Lis Angus is the author of Not Your Child, her debut novel published by Wild Rose Press, available now wherever you buy your eBook publications.
Avis: I personally loved your book. It was riveting, and a nail biter at the end. But I have several questions for you. The first is:
How important is setting to your story?
Lis: My characters, and the events that bring them into collision, could be set in many other places. In that sense the setting is not crucial, though Susan and Maddy definitely live in an urban, middle-class environment. But I chose to have the story take place in Ottawa, Canada’s capital, for two reasons. First, it’s a city I know well. While writing the novel, I many times walked the neighborhoods where the events take place, which helped me anchor the characters’ actions in a real, physical sense. Secondly, it’s a beautiful city, but one that American readers may not be familiar with; I wanted to bring Ottawa into their awareness, in the way that we often feel we are familiar with neighborhoods in New York City or London, simply because we encounter them so often in novels.
There are a few scenes, mainly flashbacks with the older man, Daniel, that take place in rural Alberta. It’s a setting not unlike many rural communities in the American Midwest, but I chose Alberta because it’s where I grew up and I could easily imagine how those scenes unfolded.
Avis: I love that answer. Setting is important to get right, and being able to walk through the setting, I think really did enhance your story. Here’s my second question:
Did you have to do any research in the writing of this novel, and if so on what?
Lis: I quite often found myself at a point where I needed some information and had to go digging for it. In what circumstances are Amber alerts issued? What legalities apply if someone harbors a runaway child? What’s the lethal dose of common sleeping pills? Could a mother have different DNA than her child? What year did Canada set up a national DNA database for missing persons?
For the key psychological underpinnings of the characters, though, I mainly drew on two aspects of my own knowledge. First, on my Masters degree in psychology and the years I spent working with children and families in crisis. And secondly, on my memories of being a young girl yearning for independence, and my experience as a mother facing the challenges of raising two daughters of my own.
Avis: Wow! I do remember reading about all of those things, but often we don’t think of the research an author does to make their story believable. All of your research paid off in Not Your Child.
My third questions is:
Does writing energize or exhaust you?
Lis: Writing is definitely hard work for me. First of all, I’m not someone who imagines a story unfolding in my head like a movie: the story only emerges as I get it down on the page. So creating the first draft is quite draining: that’s where I’m groping to get to know my characters, what happens between them and why. And the first draft is just the beginning—then comes the fine-tuning. Going deeper into the characters, figuring out plot points and pacing, bringing it all to a satisfying conclusion. All that can take several drafts. And then there’s line editing: is it better to use this phrase or that one? Did she have green eyes three chapters back or are they brown? Have I overused a favorite word? At every stage, it’s work, and in a certain sense the book is never finished. Even when I reviewed the final galleys I saw small things I wanted to change. But there’s nothing so satisfying as having someone read the book and tell me they couldn’t put it down.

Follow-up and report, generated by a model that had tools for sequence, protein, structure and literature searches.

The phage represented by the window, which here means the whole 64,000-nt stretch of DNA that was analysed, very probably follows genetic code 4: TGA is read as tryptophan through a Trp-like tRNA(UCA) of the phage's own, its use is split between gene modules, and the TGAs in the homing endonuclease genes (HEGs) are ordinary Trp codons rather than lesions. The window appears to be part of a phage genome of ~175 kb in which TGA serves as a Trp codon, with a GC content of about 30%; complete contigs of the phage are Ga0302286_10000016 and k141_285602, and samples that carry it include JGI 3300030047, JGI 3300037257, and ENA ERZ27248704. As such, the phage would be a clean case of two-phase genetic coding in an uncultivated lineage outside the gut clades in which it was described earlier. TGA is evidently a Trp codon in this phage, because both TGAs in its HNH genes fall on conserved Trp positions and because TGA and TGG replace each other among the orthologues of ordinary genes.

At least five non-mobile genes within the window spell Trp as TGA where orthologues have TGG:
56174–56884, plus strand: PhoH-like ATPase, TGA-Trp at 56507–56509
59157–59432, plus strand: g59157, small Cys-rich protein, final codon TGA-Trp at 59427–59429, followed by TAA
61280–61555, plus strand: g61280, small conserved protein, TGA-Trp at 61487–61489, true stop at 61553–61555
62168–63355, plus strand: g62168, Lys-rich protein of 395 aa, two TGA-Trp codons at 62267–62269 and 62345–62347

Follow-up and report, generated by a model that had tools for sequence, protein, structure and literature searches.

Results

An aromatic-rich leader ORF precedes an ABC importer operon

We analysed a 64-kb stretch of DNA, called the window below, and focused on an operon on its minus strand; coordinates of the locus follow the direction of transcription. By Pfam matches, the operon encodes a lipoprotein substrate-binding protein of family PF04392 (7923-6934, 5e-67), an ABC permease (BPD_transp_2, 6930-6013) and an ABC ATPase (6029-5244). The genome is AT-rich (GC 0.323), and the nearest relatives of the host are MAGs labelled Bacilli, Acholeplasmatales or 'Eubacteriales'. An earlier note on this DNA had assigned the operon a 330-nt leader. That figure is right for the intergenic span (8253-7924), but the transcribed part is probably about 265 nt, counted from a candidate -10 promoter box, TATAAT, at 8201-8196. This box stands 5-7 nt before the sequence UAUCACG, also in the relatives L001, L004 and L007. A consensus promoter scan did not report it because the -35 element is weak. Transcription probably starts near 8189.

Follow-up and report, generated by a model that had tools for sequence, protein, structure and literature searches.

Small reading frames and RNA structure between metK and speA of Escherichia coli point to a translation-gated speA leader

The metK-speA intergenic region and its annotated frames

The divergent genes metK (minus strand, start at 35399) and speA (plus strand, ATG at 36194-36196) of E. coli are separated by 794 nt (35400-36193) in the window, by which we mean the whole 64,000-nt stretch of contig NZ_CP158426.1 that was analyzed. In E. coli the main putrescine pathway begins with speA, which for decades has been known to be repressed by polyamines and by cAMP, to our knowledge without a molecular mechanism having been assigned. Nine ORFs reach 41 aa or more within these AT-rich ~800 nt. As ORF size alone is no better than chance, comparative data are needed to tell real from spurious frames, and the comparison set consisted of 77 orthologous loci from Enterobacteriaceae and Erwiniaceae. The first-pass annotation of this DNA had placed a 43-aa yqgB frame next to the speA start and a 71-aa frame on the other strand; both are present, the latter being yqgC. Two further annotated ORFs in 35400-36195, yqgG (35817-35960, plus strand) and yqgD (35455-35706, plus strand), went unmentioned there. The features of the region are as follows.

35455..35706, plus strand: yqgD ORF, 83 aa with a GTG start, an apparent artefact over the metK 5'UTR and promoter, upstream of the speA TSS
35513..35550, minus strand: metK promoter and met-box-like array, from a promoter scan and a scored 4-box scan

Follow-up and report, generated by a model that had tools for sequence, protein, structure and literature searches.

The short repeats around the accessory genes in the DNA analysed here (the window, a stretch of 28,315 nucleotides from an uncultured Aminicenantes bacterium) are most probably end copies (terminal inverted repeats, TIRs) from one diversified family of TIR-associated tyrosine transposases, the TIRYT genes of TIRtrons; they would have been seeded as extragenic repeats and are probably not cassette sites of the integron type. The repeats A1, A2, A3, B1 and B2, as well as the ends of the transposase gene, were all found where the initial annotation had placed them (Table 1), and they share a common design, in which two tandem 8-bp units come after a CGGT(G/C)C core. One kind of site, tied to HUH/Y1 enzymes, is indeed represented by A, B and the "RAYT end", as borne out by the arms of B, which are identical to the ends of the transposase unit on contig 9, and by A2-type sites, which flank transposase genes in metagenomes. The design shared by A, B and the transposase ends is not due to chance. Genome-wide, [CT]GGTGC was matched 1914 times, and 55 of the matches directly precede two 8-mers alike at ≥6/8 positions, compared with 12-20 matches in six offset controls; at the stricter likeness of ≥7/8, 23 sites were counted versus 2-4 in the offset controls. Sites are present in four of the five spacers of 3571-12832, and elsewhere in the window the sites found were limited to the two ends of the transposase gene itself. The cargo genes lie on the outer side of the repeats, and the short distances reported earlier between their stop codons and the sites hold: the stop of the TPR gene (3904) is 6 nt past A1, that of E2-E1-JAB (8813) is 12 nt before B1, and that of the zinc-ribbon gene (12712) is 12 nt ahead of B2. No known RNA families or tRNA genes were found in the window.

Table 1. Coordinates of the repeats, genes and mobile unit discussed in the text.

Avis: Thanks for your honesty, Lis! Writing is hard work, but all that hard work has paid off for
you in Not Your Child. It’s a riveting read!
To learn more about Lis and her fascinating book, check out the following sites and pages.
Crime Writers of Canada: Crime Writer’s of America
You can purchase Not Your Child at all major booksellers, including
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What happens when your only child disappears, and a DNA test says you are not her mother? This is the just one aspect of the complex premise for Lis Angus’ debut thriller, Not Your Child.
When Daniel Kazan, a white-haired farmer from Alberta, sees Maddie, he follows her. Maddie resembles his missing granddaughter Hannah’s mother at twelve, and Daniel’s insistence that Maddie is his granddaughter threatens Susan and sets in motion a series of events that involve the police, a lawyer, and DNA testing.
Susan and Daniel dance the precarious dance of who’s right and who’s wrong. And stuck in the middle is Maddie, who is tired of her mother’s suffocating control. After a bitter fight on the drive home, Maddie makes her mother pull over and she leaves, not with the intention of running away, but she doesn’t go home.
Maddie spends the night in her school, and Susan calls the police who search Daniel’s property. In a bizarre twist, Maddie seeks Daniel out after the police clear him, thinking he’ll help her while she takes a break from her mom. Daniel sees this as the chance he’s been waiting for and plans to take Maddie home to his farm.
When Daniel learns that a DNA test proves that Maggie is not Hannah, the level of danger ratchets for Maggie. Daniel makes one poor decision after another, and Maddie becomes suspicious. Susan’s intuition is the only thing that can save Maddie now.
In this story of family and mother/daughter relationships, Angus delivers plot twist after plot twist as the agonizing search for Susan’s daughter unfolds. Not your Child is a nail-biting, page-turner that satisfies from first page to last.
I highly recommend this delicious read.